Spotify are still reigning supreme and more and more people are signing up to the music streaming service every month as they approach a massive milestone.
Spotify’s latest earnings report reveals some massive number growth for the leading music streaming service. Their new report shows that by the end of 2018’s third quarter, September 30th, Spotify had 191 million total users counting both free and Premium. This puts them only 9 million away from the monumental milestone of 200 million.
For Spotify’s third quarter this year their average monthly users grew an incredible amount of over a quarter, seeing 28% growth on the year before. Their reports show that whilst established markets like Europe and the US are still growing all the time, it’s emerging markets like regions of Latin America that are seeing the most significant growth.
Premium subscribers made up 87 million of those users, up 4 million from the second quarter of 2018 and a phenomenal 40% increase from the year before. Ad-supported users made up the other 109 million which is a 20% increase year-on-year. It’s amazing to see that Premium subscribers are growing so much quicker than free users, and even almost matching the number of those listening with ads.
Spotify’s user base has always been made of up majority free users though their aim is to get people paying for music streaming. Spotify say that their free streaming tier is there to get people into the platform and the possibilities of music streaming and enticing them into Premium subscriptions once they’re sold on the platform. In the past few years Spotify have been doubling down on their efforts to get people moving on to Premium and clearly it’s having an effect.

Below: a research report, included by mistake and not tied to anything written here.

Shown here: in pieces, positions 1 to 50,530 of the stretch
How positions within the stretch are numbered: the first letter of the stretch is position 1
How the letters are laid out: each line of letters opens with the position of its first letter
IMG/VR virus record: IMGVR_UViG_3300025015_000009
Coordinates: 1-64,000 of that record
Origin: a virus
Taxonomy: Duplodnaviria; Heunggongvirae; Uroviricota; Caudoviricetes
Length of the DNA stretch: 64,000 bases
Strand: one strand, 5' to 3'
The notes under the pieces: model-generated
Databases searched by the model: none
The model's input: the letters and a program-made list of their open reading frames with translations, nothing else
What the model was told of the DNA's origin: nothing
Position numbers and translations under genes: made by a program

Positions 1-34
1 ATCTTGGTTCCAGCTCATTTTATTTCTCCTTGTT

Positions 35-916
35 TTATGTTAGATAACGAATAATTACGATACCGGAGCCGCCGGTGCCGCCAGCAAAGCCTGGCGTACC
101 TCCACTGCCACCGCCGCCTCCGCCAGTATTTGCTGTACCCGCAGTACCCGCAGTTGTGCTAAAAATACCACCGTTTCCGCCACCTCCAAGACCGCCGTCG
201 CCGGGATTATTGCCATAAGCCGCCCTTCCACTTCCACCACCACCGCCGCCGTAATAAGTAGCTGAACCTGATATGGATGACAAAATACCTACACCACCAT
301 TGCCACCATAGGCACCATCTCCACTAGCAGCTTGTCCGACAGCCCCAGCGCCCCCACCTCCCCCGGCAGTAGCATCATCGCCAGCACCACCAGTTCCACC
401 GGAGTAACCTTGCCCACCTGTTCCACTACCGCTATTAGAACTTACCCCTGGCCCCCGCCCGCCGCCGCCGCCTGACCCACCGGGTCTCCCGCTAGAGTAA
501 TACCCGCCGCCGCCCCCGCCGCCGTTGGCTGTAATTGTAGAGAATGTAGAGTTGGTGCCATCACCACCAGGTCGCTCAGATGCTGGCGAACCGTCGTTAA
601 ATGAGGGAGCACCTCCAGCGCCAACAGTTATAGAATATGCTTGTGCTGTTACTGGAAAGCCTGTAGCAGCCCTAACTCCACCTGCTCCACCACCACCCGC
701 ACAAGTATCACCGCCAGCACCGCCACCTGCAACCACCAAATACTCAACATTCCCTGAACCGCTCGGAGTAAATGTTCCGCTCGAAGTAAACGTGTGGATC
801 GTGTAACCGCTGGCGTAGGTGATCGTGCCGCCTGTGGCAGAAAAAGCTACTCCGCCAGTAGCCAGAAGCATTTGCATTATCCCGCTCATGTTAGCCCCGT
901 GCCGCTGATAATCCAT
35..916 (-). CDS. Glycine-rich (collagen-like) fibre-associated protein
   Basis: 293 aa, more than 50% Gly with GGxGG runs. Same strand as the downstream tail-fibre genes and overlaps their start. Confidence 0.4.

Spotify have recently noted that people are taking advantage of their family plans by signing up to the vastly cheaper plan and sharing it between friends rather than one household. As a family plan costs $14.99 and can have up to 6 different users on it, it’s a far better deal than their single subscription costing $9.99. Spotify have begun identifying users who are taking advantage of the offer.
Spotify said in their report: “We continue to work to identify and remove users that we consider to be “fake” from our reported metrics. This includes, but is not limited to, bots and other users who aim to manipulate stream counts for purposes of royalty calculations. Such users are removed from our metrics in a timely fashion once they are discovered. However, some such users remain in our reported metrics because of the limitations of our ability to identify their accounts.”